Original article from Kent Live
A baby boy is feared to have a serious medical problem after he was found with multiple fractures after a dog landed on him.
Theo Bonnick, from Dover, was only three months old when he suffered significant injuries and was rushed to the William Harvey Hospital in late June.
Gran, Cheryl Shepherd, says the extent of them was only discovered following what seemed to be a fairly innocuous incident with the family dog.
She told MyDover: "It was early one morning and our dog jumped off their bed and landed on his arm.
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"He was screaming and screaming and my daughter and son-in-law rushed him to hospital.
"When he was two weeks old Theo was suffering with jaundice and had to be blue-lighted to the William Harvey again.
"They had to bend his wrist slightly to put the canular in.
"He gave this blood curdling scream, which the paramedics tried to assure us was normal.
"But one of the fractures he was later found to have was on his wrist and we think it might have been when it happened.
"We don't blame them – it's just he seems to have really weak bones."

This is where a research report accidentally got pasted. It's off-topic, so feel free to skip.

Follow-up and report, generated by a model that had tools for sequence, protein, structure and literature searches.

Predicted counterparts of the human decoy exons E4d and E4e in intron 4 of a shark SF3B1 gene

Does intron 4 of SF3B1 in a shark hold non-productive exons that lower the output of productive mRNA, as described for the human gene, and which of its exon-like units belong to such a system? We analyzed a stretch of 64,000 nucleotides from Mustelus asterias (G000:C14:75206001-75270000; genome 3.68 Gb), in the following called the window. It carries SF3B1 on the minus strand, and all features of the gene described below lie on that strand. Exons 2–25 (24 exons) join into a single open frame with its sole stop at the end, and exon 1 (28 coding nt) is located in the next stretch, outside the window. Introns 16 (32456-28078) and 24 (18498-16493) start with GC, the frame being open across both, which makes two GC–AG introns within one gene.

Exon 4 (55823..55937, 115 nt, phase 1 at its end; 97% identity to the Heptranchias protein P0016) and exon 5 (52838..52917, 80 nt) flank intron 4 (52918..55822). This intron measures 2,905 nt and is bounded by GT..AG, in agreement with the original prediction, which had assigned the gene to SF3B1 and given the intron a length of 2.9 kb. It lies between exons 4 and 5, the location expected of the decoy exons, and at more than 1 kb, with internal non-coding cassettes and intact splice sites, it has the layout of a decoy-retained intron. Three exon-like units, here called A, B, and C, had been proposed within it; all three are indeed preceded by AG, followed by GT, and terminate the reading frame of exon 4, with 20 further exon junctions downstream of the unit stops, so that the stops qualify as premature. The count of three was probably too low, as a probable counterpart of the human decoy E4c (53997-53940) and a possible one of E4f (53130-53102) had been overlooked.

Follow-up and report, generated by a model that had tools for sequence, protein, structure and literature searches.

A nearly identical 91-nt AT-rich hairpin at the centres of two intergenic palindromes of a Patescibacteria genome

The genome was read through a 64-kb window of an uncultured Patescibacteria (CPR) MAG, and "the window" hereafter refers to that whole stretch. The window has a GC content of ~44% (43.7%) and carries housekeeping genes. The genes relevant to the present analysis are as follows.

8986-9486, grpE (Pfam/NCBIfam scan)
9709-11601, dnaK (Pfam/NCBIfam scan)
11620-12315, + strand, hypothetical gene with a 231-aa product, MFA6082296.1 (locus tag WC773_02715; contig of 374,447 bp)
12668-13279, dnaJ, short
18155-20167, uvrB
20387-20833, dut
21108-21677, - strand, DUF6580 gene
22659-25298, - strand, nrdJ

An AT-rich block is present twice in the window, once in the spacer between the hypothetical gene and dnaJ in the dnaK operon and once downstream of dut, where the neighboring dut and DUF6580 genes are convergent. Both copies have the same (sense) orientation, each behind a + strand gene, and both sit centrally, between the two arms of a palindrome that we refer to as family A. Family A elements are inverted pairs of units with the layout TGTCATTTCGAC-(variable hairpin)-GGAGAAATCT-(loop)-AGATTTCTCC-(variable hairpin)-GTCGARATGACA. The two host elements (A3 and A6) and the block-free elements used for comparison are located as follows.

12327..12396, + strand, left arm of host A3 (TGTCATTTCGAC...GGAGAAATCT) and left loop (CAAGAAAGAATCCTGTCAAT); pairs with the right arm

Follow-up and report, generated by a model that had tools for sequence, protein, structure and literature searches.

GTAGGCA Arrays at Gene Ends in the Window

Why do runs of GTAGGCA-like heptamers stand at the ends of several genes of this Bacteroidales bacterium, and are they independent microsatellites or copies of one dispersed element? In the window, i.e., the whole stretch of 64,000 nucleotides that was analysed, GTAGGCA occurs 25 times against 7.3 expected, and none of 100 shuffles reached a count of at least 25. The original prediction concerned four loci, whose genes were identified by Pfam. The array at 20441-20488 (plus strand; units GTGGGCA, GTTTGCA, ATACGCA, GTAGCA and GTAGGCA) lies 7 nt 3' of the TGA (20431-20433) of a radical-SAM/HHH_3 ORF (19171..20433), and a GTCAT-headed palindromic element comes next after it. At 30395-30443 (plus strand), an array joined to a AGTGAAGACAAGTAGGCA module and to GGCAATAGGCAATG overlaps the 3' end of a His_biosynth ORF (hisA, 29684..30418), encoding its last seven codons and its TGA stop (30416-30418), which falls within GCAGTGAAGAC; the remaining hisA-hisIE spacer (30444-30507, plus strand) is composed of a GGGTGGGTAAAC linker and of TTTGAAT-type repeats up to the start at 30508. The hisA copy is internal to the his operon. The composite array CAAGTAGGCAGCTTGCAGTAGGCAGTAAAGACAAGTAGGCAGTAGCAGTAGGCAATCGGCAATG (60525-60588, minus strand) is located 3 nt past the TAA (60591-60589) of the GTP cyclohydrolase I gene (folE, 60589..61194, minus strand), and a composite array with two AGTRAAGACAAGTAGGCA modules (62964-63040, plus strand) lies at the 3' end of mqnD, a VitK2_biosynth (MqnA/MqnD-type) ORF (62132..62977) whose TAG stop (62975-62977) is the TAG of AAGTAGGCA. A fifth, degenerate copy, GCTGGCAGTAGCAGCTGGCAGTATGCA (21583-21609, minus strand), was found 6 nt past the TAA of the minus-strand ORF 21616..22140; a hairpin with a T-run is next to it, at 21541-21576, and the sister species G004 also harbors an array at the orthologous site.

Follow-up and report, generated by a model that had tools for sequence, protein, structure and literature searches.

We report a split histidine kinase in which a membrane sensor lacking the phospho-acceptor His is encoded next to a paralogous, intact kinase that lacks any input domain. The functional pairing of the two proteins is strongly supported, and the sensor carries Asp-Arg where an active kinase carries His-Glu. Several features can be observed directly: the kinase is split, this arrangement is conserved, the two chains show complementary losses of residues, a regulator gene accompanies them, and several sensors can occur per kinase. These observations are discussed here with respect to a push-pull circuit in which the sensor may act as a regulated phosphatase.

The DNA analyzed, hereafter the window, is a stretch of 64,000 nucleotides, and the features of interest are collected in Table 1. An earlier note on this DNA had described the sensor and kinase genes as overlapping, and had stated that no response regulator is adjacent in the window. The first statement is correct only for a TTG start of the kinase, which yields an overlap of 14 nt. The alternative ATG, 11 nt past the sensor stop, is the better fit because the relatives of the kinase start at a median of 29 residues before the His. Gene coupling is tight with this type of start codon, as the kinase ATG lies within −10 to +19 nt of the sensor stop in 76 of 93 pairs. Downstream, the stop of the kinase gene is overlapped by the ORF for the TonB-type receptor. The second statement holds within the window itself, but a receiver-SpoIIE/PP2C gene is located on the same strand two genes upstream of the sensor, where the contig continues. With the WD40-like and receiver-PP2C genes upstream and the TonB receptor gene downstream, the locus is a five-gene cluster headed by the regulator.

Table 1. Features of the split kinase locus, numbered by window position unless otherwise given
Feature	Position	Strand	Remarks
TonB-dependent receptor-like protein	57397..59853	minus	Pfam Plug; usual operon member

Theo's parents Lauren and Donovan have a second child, a healthy two-year-old called Kayden, and they are convinced Theo has a severe bone disorder.
Doctors also found he had a bowed leg and rib fracture.
Cheryl's daughter and two grandsons live with her and husband Craig in Kimberley Close.
They also believe Theo is dairy intolerant, and has muscle weakness as he can't seem to straighten his back.
He was also found to have a very low parathyroid hormone.
'We need some clarification'
"Theo has always had these knobbly bones and just looked different," she said.
"He's been back and forth to the doctors a few times, had blood in his toilet, and just generally been a really whingey baby.
"He's not been putting on weight.
"He's also got something that looks like sclera – where the whites of your eyes go blue.
"He could be suffering as he's on constant pain relief.
"My family are in bits and we need some clarification."
Cheryl says that although Theo was referred to a consultant for possible osteogenesis imperfecta, they were told Theo's physical appearance doesn't fit the criteria.
The family is convinced he has most of the symptoms, but say they were told normal OI patients "look more deformed".
The decision has meant the NHS is not willing to fund genetic tests to find out.
Local NHS services have been approached for comment.
In the meantime, the family has set up a crowdfunding page to try to raise money to fund tests and scans privately.
People can find out more and donate here.
"He's got quite a few of the symptoms and his dad has a family history of bone disorders," said Cheryl.
"It's frustrating. There's obviously something wrong and we want him to get the treatment for it."